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Environmental surveillance -19

Environmental surveillance -19

Over 60 Countries, many in the Americas are using wastewater monitoring for SARS-CoV-2 tracking in their communities. There are over 3 ,300 sites.

Washington, D.C., April 29, 2022 (PAHO) — New guidance from the World Health Organization (WHO) provides advice to countries on sampling and testing for the SARS-CoV2 virus in untreated wastewater as part of environmental surveillance to complement COVID-19 control strategies.

Laboratories are located in Argentina, Brazil and Canada. They also have laboratories in Chile, Colombia, Ecuador. Peru, Mexico, Peru, Colombia, Costa Rica, Chile, Colombia, Ecuador, Peru, Peru, Peru, Peru.

“This type of surveillance can provide complementary evidence that the SARS-CoV-2 virus is circulating,” said Dr. Enrique Perez, Incident Manager for COVID-19 at the Pan American Health Organization (PAHO). Systematic sampling of wastewater and its testing can provide supplementary information to detect the presence of the virus. He said that it was important to continue using other surveillance methods.

The WHO guidelines state that environmental surveillance “can provide early warning and further evidence concerning the virus in circulation within the population including trends in concentrations and variants or concern or interest.” However, it also highlights the challenges and difficulties in applying this method.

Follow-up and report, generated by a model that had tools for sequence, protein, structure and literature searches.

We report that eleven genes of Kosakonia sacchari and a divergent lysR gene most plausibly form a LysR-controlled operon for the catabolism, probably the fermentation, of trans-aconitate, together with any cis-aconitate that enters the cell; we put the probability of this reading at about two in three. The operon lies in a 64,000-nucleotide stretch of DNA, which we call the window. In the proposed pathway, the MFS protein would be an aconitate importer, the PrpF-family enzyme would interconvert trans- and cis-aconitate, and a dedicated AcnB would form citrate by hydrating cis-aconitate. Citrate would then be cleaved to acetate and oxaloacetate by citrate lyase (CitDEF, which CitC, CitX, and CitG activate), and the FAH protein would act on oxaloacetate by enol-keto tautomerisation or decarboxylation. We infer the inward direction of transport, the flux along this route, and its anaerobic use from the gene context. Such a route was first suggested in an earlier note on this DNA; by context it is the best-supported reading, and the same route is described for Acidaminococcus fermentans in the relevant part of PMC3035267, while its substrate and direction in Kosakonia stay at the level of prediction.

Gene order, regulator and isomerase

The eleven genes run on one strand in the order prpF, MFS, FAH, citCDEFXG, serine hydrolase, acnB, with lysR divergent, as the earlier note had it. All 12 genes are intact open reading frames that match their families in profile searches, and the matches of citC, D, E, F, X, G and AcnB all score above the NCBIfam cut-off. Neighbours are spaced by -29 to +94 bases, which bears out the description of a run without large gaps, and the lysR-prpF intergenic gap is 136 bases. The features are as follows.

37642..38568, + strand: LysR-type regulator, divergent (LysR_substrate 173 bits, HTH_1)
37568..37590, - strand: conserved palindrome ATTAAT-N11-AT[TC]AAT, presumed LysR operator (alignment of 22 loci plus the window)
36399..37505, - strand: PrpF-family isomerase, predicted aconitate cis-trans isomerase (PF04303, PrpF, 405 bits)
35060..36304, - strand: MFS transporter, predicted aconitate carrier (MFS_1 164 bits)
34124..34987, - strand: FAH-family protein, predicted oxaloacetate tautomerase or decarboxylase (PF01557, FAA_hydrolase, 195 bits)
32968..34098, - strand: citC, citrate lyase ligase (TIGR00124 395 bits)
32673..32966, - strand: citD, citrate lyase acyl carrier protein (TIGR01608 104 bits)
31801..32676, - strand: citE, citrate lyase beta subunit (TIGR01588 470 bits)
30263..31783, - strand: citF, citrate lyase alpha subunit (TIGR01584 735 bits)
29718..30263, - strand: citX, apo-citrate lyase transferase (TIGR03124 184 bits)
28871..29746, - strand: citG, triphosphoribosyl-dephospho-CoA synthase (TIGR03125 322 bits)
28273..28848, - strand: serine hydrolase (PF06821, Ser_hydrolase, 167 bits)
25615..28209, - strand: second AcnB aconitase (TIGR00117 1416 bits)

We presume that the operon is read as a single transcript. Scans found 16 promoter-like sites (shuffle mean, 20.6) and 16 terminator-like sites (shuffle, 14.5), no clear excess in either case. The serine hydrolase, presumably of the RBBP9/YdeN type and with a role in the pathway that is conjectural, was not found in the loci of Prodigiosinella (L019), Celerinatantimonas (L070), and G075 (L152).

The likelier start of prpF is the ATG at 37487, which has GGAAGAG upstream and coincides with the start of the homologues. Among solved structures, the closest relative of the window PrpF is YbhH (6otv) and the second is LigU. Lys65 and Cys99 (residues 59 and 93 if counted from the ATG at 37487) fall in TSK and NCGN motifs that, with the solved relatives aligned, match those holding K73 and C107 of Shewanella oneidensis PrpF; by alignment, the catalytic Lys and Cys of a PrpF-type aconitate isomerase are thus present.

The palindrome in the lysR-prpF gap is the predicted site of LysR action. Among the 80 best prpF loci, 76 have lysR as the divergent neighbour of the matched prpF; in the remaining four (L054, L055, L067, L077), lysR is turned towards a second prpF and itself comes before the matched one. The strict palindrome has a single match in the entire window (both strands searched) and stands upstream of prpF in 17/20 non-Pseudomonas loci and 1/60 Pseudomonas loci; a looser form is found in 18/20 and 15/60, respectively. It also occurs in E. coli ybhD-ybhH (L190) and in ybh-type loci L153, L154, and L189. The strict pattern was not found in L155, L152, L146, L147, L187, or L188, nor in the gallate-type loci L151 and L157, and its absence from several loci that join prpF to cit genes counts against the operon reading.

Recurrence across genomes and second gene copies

Wastewater surveillance has been around for a while. It can be used to detect enteric pathogens like polioviruses or enteroviral diseases, as well as to check for antibiotic-resistant bacteria. To detect the genetic material in the virus from community sewage, it uses PCR testing.

With COVID-19 circulating in all countries, routine surveillance programs have stepped up the use of the method for community-scale SARS-CoV-2 environmental surveillance to provide scientists with additional data.

This guidance document is designed to assist public health professionals in making evidence-based, programmatic decisions about the environmental surveillance value and understanding its limitations and operational implications. This guidance document provides information on how to set up an effective program and encourages the sharing of approaches and methods between countries and municipalities.

Most of the wastewater monitoring guidance is published and implemented from areas with high numbers of homes connected to the sewers. There is limited guidance available in areas with no sewers or lower resources, especially where sampling programs are able to exploit existing polio surveillance capacity.


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